In more usual circumstances, this would probably not present a problem. Imagine (if you can) a world in which the Super Bowl, and Left Shark’s adorably uncoordinated dance moves, had never taken place. The term LEFT SHARK would then make no obvious reference to any particular person, costume or event. In the absence of existing connotations, it does not appear to be descriptive of cell phone covers, figurines, live musical and dance performances, or any of the other goods covered by Katy Perry’s trade mark applications. In all likelihood, it would be registrable.

So is one event – no matter how widely viewed – and a social media meltdown sufficient to change the nature of a phrase like LEFT SHARK such that it is no longer capable of acting as a trade mark on behalf of a particular proprietor?

Trade mark treatment of ‘viral’ words and phrases

There have been other recent examples of attempts to register, as trade marks, terms popularised on social media, most notably I CAN’T BREATHE (a reference to the last words of Staten Island resident Eric Garner, who had a heart attack and died in November while being arrested) and JE SUIS CHARLIE (the slogan of solidarity with the French satirical magazine Charlie Hebdo following the attack on its offices on 7 January 2015).

In Europe, the Office for Harmonisation in the Internal Market (OHIM), which is responsible for examination and registration of European trade marks, took the unusual step of issuing a statement on 16 January 2015 to explain why it would ‘probably’ not accept applications to register JE SUIS CHARLIE. In particular, it stated that ‘the registration of such a trade mark could be considered “contrary to public policy or to accepted principles of morality” and also … as being devoid of distinctive character.’ The French Intellectual Property Office had issued its own statement (in French) a few days earlier, explaining why it would not accept any application for registration of JE SUIS CHARLIE.

In Australia, the Trade Marks Office last year rejected an application to register MH370 (a reference to the flight number of the Malaysian Airlines flight that disappeared on 8 March 2014 while flying from Malaysia to China), although a combination of two letters and three digits would normally be considered distinctive in the absence of some established meaning. An Australian application to register JESUISCHARLIE as a trade mark in respect of publishing services was filed on 12 January 2015, and subsequently withdrawn prior to examination following adverse coverage in the media.

Applications recently filed in the US seeking registration of I CAN’T BREATHE and JE SUIS CHARLIE have, at the time of writing, yet to be examined. However, my expectation is that all such applications will be rejected. In earlier cases, the USPTO has treated popular slogans including OCCUPY WALL STREET, BOSTON STRONG and HANDS UP DON’T SHOOT as ‘informational matter’ that is not registrable under US trade marks law.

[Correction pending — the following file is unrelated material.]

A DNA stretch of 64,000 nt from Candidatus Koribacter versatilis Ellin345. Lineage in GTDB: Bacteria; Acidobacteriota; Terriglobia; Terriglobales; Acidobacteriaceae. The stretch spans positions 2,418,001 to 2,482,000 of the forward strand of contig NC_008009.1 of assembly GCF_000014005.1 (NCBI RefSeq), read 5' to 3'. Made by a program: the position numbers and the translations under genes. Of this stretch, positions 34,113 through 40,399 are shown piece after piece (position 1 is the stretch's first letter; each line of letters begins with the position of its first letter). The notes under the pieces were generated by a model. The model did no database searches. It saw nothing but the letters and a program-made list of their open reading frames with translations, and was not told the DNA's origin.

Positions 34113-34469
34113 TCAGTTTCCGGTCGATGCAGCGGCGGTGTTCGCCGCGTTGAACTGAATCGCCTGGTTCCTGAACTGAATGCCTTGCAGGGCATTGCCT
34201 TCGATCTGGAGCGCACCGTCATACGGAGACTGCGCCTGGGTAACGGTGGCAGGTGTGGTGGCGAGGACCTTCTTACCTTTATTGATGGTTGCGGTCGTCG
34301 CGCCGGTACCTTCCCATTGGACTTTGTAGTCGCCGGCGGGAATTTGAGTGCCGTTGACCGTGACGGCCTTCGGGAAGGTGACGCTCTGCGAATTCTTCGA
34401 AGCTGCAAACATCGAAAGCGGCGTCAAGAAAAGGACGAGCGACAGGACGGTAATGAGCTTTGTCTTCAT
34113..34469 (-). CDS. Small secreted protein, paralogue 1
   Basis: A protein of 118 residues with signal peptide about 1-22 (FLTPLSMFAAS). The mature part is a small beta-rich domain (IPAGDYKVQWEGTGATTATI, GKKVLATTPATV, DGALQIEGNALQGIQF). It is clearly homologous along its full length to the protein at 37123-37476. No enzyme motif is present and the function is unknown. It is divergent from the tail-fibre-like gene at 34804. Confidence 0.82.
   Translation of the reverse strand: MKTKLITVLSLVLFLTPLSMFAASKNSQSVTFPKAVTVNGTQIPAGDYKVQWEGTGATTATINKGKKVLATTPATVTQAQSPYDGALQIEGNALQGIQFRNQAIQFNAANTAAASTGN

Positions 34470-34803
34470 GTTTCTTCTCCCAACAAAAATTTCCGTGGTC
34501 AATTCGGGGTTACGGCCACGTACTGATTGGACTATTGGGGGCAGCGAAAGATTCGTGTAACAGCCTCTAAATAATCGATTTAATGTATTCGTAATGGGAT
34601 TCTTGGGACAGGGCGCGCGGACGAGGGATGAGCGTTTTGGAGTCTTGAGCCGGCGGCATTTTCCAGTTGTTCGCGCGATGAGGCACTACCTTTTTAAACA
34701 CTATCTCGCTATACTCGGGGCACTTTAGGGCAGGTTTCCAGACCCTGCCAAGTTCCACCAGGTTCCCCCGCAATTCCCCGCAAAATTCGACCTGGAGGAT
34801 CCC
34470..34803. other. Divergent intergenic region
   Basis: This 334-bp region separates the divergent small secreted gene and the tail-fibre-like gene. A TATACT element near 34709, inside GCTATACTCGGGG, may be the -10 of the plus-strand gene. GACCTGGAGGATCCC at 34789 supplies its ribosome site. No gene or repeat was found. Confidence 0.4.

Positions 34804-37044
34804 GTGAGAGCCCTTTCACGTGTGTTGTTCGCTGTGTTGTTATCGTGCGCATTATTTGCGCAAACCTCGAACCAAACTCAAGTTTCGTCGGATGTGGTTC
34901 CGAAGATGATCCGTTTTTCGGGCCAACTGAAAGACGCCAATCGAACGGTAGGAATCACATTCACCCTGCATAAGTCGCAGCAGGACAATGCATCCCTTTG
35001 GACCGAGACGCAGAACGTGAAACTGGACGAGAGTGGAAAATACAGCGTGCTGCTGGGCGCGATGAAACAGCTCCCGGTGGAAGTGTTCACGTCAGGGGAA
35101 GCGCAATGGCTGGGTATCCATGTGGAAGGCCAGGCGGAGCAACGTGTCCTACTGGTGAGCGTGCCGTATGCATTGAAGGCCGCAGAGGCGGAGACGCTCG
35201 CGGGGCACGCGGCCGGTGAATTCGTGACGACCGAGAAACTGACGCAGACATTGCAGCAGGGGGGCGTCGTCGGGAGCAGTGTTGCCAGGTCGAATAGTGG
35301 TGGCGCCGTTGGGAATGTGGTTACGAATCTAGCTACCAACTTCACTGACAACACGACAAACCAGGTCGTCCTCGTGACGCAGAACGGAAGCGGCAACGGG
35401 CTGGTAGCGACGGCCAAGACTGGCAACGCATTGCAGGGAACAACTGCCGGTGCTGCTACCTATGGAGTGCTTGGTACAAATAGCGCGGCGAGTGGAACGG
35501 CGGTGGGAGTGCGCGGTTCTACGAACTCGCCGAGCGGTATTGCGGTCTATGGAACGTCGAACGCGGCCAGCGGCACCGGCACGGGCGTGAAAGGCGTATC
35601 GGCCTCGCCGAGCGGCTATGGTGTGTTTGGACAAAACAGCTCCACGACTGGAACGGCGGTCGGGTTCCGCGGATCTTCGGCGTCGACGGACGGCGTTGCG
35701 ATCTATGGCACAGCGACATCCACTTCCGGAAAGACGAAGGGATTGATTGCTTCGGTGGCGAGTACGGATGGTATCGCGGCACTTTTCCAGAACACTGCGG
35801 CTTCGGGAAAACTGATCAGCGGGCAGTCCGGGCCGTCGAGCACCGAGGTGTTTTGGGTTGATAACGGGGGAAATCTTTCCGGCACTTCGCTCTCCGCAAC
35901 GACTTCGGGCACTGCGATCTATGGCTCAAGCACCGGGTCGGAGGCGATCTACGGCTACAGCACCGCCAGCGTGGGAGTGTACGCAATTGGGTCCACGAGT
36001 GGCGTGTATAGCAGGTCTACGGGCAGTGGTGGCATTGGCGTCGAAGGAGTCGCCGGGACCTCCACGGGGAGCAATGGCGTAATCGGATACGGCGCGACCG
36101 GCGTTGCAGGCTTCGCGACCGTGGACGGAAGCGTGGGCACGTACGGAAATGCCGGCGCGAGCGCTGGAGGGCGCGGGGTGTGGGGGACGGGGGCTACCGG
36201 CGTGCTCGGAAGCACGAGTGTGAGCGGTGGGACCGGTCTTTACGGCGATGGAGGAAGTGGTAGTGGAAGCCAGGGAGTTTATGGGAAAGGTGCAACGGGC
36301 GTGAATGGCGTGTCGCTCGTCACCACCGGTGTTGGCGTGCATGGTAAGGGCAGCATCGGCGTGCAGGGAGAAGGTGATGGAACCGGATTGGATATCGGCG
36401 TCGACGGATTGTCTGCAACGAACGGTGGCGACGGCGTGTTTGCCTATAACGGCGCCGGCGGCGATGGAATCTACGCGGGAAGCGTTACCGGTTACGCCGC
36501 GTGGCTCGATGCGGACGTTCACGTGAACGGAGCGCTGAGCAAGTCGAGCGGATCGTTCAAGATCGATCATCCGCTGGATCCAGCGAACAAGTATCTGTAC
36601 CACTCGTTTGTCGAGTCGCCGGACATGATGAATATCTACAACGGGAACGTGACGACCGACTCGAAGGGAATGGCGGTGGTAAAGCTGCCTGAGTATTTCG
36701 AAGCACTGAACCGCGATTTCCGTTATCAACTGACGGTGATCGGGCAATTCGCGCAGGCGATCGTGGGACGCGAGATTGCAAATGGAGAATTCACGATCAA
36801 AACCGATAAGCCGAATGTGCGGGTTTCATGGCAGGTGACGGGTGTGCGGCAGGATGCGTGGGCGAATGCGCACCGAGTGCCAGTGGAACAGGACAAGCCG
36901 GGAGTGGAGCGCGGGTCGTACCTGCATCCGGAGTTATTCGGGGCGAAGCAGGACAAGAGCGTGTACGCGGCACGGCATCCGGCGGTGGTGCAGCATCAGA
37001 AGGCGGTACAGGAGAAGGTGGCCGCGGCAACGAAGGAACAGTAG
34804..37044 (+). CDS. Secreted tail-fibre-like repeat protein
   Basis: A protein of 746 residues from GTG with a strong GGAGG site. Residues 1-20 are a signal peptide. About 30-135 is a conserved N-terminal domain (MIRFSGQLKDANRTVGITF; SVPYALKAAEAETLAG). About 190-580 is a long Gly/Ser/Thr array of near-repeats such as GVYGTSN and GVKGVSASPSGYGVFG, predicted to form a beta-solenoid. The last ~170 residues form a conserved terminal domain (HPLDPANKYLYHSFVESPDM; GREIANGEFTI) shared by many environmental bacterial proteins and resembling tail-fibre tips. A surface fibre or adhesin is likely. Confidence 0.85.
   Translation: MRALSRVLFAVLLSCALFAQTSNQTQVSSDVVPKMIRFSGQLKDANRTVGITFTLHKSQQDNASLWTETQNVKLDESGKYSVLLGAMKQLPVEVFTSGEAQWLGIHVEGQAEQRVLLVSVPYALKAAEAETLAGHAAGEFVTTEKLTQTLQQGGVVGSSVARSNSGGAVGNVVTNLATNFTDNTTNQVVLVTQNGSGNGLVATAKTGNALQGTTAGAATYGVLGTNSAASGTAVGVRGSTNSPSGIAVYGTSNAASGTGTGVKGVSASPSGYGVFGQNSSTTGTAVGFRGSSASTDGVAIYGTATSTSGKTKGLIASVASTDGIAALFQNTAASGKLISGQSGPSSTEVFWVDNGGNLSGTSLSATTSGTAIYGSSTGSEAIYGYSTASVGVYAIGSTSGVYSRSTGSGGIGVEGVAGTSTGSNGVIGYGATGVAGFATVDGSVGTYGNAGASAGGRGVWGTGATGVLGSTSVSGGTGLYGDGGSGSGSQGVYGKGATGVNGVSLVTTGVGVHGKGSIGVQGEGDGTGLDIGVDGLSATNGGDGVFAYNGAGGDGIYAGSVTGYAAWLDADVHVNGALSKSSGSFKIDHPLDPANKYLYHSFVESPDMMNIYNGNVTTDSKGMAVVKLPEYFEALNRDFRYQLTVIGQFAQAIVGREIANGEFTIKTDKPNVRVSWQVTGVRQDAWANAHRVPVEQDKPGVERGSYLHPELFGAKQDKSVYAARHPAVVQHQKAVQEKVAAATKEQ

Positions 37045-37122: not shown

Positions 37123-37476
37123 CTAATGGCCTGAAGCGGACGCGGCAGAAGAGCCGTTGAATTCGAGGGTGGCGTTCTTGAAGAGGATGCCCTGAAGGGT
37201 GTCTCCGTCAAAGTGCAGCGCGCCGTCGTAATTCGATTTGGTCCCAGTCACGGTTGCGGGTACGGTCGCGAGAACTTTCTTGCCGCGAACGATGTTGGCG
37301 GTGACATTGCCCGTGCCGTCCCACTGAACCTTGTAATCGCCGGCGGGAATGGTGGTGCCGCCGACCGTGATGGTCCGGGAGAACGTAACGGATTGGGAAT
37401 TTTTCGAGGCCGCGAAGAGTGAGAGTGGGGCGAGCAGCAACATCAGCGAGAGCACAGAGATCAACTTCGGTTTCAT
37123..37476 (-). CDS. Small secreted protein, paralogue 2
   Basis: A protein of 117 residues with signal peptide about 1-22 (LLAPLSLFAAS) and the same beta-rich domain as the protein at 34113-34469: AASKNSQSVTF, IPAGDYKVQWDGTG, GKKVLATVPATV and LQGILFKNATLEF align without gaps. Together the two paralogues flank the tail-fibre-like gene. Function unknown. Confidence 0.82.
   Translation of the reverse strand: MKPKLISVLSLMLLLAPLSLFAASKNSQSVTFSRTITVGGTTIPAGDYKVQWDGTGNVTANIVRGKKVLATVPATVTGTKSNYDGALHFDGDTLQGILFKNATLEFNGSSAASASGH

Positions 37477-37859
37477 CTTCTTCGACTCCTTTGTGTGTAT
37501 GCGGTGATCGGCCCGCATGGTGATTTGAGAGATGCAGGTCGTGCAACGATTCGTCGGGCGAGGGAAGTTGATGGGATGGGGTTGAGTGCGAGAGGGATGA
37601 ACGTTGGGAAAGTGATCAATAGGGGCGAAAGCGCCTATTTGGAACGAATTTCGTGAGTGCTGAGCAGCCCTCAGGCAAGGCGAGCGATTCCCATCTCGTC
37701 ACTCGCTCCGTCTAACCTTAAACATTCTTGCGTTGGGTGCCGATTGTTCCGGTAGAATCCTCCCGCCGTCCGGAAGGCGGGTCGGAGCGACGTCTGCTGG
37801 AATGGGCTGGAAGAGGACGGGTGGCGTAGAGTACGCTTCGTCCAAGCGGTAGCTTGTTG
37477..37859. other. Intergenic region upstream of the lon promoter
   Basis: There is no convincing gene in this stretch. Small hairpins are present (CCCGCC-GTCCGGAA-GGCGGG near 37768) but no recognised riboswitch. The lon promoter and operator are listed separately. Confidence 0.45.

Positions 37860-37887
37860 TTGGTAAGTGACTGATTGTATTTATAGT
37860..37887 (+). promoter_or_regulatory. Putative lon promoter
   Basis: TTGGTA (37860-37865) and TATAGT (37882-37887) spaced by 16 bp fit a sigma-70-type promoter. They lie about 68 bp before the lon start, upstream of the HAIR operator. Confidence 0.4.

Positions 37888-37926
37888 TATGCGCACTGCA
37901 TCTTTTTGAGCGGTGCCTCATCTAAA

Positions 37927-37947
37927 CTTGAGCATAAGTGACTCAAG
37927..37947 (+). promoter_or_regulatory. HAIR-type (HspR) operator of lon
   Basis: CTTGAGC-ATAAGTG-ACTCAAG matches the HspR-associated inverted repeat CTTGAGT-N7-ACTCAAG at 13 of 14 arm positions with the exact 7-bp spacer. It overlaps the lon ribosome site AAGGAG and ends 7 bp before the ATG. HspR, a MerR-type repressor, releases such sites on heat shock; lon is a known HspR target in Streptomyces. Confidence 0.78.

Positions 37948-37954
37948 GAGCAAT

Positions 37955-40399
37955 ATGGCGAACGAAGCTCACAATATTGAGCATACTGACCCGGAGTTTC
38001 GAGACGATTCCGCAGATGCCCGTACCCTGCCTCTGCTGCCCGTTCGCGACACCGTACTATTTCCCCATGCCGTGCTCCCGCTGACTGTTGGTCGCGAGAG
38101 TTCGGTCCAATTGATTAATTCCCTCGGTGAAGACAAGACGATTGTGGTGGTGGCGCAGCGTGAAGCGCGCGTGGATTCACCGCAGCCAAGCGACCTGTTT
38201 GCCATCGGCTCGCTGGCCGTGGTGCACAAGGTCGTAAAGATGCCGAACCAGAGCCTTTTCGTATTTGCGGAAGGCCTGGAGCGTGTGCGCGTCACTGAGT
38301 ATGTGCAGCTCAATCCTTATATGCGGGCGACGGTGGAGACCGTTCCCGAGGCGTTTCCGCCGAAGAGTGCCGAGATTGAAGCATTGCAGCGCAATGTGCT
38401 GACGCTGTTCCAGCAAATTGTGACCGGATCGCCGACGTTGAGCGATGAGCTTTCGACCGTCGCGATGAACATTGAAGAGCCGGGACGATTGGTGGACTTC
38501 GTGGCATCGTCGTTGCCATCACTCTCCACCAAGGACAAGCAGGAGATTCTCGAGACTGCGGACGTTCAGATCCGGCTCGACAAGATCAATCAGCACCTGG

Conclusion – the fate of Katy Perry’s SHARK marks

Overall, then, it seems likely that Katy Perry will encounter some difficulty in registering LEFT SHARK as a trade mark. The term is already being widely used to describe a range of products and images bearing a greater or lesser similarity to the blue-and-white dancing fish, and may therefore fall foul of the USPTO’s practice of rejecting ‘informational matter’.

She may also encounter similar difficulties with RIGHT SHARK (the obvious complement to LEFT SHARK) and DRUNK SHARK (a term that has also been widely used on social media). The prospects of registration may be better for BASKING SHARK since, other than being descriptive of a species of shark, it does not have any existing association with the various goods and services specified in the application.

It will, in any event, be interesting to see how these applications play out, and whether Katy Perry persists with her attempts to monopolise an internet meme!

On a final note, it is perhaps just as well for Katy Perry that the trend of seeking to tie up aspects of performance and authorship via trade mark rights is relatively recent. Had the practice been common back in 1974, she might have found herself having to answer to the estate of the late, great Freddie Mercury for her choice of company name, Killer Queen, LLC. It may be true that Pop Will Eat Itself although, if Katy Perry has her way, any attempt to consume her contribution will result in somebody choking on her trade mark rights!